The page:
Your spouse (or mother, or best friend) looooves orange paisley. They wax poetic about it, but have little as it's so rare a thing. You are shopping and find the perfect orange paisley scarf. They will absolutely love it. You, on the other hand, loathe and despise it. You will cringe a little every time you see it. You:

  1. Tell him about it, and let him get it his own darned self.

  2. Never speak of it.
  3. Take a deep breath and buy it for him.

While none of those answers is necessarily wrong (we all must defend our aesthetic comfort zone), it is naturally number three that is the sign of a good gifter. But don't feel bad if you aren't one. Gifting well is a learned behavior. That's right, I'm afraid your mother only loved the ballerina earrings because they came from you.

Buying The Right Stuff

Want to find the perfect gift? It all depends on your knowledge of the giftee. Two-thirds of gifting is observation. This may require a little stealth. Some important suggestions:

  • If you feel confident buying clothes (about the last thing I'd recommend), jot down the sizes of the garments the giftee likes the best.

  • Notice what the giftee has a lot of. A collection of turtle figurines is a good hint.
  • Go shopping with the giftee for someone else, and notice what they look at.
  • What does the giftee do? What wishes have they shared? Is there a nostalgic story from their childhood involving a favorite item?

Some things to avoid:

  • Unless you have a specific title you're sure of, and you know they'd never buy it themselves, stay away from media. Music and movies are things people casually buy for themselves, so you're likely to get scooped. If they have an Amazon wishlist, then disregard this advice--you've got a sure thing (unless they don't update it--someone stayed mad at me for a long time over just such an incident).

  • Clothes are very personal. You must have a keen sense of your target's taste before embarking on such a risky journey. The same goes for fragrance.
  • Never buy someone else something you want, disregarding their tastes. Just because you like it doesn't mean they will. This isn't about you.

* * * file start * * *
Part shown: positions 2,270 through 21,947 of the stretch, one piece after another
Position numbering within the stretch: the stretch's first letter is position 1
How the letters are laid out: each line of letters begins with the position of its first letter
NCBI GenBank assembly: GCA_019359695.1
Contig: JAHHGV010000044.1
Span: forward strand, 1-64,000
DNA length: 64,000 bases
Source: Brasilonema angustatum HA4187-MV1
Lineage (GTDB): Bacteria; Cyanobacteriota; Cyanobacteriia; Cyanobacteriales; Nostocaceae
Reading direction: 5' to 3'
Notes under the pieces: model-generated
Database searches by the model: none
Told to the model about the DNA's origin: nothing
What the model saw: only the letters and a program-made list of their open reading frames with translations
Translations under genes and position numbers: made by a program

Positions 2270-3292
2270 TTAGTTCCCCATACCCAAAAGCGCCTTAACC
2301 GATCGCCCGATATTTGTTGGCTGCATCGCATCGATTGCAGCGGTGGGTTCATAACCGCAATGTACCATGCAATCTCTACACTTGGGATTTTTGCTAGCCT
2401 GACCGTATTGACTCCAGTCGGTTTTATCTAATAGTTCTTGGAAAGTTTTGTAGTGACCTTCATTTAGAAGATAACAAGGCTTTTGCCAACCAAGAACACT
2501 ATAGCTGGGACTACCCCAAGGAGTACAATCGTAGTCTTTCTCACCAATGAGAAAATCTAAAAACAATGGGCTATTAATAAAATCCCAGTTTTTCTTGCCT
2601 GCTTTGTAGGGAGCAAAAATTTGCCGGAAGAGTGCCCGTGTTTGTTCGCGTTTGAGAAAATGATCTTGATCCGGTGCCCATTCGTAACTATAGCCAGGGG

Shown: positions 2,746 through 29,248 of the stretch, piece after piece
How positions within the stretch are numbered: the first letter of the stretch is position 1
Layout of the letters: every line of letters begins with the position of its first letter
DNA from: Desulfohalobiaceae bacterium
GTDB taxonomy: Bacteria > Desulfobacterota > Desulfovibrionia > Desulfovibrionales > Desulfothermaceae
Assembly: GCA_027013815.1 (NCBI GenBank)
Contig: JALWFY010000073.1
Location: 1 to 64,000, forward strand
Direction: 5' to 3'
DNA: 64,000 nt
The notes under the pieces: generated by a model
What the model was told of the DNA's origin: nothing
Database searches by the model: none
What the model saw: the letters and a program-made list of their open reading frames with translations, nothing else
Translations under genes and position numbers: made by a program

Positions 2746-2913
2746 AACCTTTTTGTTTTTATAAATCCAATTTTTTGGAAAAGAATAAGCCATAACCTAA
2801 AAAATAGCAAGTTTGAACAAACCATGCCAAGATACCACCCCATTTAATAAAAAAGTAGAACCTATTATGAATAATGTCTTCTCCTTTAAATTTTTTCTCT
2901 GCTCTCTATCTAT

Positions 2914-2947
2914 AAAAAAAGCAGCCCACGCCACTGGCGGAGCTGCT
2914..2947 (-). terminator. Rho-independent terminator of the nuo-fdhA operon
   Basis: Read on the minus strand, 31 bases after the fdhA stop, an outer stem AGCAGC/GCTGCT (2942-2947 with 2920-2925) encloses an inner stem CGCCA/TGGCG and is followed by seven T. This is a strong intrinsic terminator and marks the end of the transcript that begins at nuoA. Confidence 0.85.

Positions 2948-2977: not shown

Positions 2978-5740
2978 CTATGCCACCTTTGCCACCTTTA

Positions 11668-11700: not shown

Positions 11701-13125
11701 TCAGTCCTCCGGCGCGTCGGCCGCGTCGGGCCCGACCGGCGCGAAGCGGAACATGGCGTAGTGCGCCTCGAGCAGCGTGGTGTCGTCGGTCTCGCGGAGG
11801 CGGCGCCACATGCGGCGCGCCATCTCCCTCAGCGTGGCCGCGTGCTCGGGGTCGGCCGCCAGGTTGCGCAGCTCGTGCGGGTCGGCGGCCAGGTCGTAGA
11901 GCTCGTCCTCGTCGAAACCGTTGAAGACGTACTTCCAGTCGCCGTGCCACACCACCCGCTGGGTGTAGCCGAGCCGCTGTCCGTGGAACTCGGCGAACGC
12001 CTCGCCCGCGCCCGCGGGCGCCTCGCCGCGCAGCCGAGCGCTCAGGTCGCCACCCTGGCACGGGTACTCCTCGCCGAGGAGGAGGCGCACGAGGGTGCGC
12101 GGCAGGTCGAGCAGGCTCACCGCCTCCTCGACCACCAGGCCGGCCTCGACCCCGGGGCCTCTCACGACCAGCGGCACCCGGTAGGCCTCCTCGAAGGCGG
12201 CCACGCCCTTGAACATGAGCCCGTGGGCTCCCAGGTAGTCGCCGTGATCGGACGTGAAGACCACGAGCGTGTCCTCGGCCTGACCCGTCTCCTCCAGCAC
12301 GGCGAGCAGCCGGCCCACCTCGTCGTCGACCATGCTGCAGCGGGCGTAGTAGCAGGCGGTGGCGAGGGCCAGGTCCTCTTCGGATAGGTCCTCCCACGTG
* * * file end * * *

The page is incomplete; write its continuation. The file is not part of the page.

• Unless the giftee is your child or (maybe) spouse, never, ever give a pet.

Once you've got a few ideas, make a little list. If you have specifics, that's great; but also jot down ideas. My list this year looked something like this (not the real items--my giftees read me ;-):

Star Trek
Bath stuff
White chocolate

Carry your cheat sheet everywhere, and repeat it in your mind. Next, go to places your target wouldn't necessarily go. Gift shops in museums and libraries are great for unusual items. Science shops, art supply stores, toy stores, etc. Especially good: many cities have markets full of beautiful, hand crafted merchandise. Just stay away from crocheted toilet roll covers. Unless I'm gifting people I don't know all that well, I tend to stay away from general merchandise stores. Going unusual places will increase your chance of finding that perfect thing that will pleasantly blindside your giftee.

Are Gift Certificates Rude?

You betcha. Well, okay, not always. A gift certificate must be given very carefully, with a specific purpose in mind. Good certificate giving:

  • A housewarming gift of a certificate to a decor store

  • An evening out package of restaurant and movie certificates.
  • A pampering package of spa, salon, and clothing certificates

Get the idea? A generic certificate says "I'm off the hook." Is that what you want to say to someone you love?

The Best Gift... almost always handmade. I have an afghan in garish red, yellow, and blue. It's the most obnoxious thing you've ever seen, but I love it because someone made it for me. A mix of favorite music, or a framed picture of you or the giftee are good for those without the crafty skills.

What About Gift Baskets?

Yes! Gift baskets are wonderful things to give and to receive. They're low-stress to put together, and a lot of fun. Here's how:

  1. Decide how big your basket will be--you can buy it first or not. Beware of over spending if you decide to buy the basket last.

  2. Find great generic things that go to everyone. Specialty foods and candy, toys, a book of humor, some holiday glassware, ornaments.
  3. Make things that go to everyone. Fudge, cookies, handmade bookmarks.
  4. Find one special thing for each person.
  5. Get decorations--garland, confetti, etc.
  6. If possible (if you're shipping, it's harder), pack the basket for attractiveness. Leave food visible--cover homemade items in clear, colored cellophane. Wrap non-food items.
  7. Decorate liberally between the items. Take a look at how professional baskets are done. Make it look packed.

But I don't know this person!

That's a toughie. First, consider closely why you are gifting this person at all. Too many times we fall into the trap of obligation--beware of it. That way lies the path of horrible, stressful holidays. In the end, we all have a few folks on our list whom we don't know well enough. There are still good generic possibilities. Of course, find out as much as you can. Ask their friends and family what they like--but be careful. Remember you're getting filtered information. Here are some ideas for giftees who aren't in your pocket: